Sunday, January 9, 2011

The Yin and Yang of Freelancing...telling it like it is!

In addition to my day job as a preschool teacher, I am a freelance writer. I have learned some eye-opening truths about freelancing. All of those cute little kid quips I’ve been jotting down for thirty years with the intention of writing a book about the funny things children have said aren’t worth the paper they’re written on. They have all been published in, Kids Say The Darndest Things. Editors don’t care that kids nowadays say even darnder things. Art Linkletter beat me to the punch. He cornered that market, so I continue to plug away at targeting a variety of writer’s markets and working into the wee hours and spending a fortune on postage.

I have discovered that every positive aspect of being a freelance writer has a negative. Here are some things new writers should know. First and foremost, friends and family do not care that much about your latest and greatest essay, prose, poem or article, at least not in the same way that you do. You can tell when they’ve had enough because their eyes glaze over and roll back in their heads when you ask if they want to hear your most recent musing. I’ve learned not to give them a chance to reply; I begin reading fast and furiously until their heavy sighing begins. I trail them out of the room, and sometimes to the bathroom. Their sense of humor doesn’t even compare to mine; most of the time they don’t even ‘get it’. Oh, but my readers do. Once in a while an editor will contact me or forward a reader’s response. Or a reader will email me.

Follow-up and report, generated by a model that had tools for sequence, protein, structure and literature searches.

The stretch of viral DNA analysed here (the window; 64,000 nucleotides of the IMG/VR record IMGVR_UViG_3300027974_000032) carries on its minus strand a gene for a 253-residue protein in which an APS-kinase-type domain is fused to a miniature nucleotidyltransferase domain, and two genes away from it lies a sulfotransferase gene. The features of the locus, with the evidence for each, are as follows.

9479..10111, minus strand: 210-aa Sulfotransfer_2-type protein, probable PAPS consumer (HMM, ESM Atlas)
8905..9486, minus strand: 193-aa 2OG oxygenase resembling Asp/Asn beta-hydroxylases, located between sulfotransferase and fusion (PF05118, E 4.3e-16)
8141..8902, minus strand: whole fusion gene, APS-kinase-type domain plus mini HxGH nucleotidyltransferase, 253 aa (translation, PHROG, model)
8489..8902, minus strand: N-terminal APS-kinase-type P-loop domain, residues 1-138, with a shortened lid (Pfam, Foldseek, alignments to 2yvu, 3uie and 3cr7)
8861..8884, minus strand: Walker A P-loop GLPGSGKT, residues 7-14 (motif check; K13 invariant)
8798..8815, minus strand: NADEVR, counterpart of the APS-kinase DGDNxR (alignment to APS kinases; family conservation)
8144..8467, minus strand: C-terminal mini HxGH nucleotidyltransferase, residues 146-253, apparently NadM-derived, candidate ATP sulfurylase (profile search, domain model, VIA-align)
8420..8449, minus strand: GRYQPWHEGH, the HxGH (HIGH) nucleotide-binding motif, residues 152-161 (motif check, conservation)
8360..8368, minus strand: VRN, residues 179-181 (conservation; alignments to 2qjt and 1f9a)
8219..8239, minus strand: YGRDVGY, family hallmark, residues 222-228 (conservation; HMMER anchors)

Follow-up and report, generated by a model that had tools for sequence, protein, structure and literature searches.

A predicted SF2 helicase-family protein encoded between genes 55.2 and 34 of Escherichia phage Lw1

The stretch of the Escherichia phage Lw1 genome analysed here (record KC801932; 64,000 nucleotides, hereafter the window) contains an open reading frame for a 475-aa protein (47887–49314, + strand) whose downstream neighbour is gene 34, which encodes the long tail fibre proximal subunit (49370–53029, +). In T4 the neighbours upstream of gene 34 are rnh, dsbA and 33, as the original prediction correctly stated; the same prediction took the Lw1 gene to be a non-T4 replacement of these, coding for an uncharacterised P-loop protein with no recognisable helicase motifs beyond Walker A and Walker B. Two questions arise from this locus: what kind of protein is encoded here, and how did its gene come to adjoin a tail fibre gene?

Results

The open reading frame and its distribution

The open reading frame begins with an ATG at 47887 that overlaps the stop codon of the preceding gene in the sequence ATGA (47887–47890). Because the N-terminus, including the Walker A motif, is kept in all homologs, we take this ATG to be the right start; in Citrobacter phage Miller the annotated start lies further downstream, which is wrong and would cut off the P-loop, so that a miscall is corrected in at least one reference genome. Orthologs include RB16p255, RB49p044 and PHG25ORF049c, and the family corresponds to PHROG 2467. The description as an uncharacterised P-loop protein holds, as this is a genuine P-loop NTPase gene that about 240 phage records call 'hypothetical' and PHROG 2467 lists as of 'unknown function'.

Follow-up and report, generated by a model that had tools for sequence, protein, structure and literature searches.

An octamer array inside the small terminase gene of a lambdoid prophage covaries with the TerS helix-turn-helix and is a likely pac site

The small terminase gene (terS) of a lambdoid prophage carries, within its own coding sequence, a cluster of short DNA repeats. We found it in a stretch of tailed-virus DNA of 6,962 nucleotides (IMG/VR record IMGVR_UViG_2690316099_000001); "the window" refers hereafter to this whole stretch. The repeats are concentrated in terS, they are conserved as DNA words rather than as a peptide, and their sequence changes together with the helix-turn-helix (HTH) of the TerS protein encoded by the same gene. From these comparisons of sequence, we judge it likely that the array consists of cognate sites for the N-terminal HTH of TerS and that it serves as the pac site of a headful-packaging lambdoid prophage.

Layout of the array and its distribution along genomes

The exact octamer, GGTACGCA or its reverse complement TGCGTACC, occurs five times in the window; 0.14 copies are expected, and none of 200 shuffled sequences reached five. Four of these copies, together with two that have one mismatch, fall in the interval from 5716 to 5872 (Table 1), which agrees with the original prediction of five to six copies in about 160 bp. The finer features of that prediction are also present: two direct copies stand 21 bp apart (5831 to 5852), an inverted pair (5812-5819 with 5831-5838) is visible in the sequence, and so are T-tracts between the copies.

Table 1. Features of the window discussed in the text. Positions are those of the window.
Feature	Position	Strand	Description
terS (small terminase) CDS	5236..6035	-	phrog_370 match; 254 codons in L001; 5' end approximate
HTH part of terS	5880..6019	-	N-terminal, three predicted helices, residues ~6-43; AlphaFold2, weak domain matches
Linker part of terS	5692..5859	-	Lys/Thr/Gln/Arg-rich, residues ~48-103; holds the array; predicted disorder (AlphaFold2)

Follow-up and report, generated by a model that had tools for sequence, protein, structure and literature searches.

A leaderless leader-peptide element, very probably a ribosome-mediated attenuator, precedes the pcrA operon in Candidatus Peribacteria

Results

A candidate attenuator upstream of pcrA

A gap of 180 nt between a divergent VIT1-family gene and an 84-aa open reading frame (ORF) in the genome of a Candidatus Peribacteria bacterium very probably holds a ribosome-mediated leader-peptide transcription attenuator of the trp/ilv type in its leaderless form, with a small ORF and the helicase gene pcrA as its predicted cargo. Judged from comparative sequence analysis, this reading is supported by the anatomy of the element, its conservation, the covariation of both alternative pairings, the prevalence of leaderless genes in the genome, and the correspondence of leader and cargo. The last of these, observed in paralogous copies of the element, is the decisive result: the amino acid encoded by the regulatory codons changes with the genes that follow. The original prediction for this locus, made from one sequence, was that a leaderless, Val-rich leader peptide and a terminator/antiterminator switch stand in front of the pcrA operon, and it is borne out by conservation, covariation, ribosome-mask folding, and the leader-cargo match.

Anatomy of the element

It’s not the fortune and fame that keeps a freelance writer going. I haven’t made a fortune, and fame has not found me, yet. I haven’t earned enough to buy a daily latte and a pastry. I settle for a pot of warmed over coffee and prepackaged cookies to feed my muse.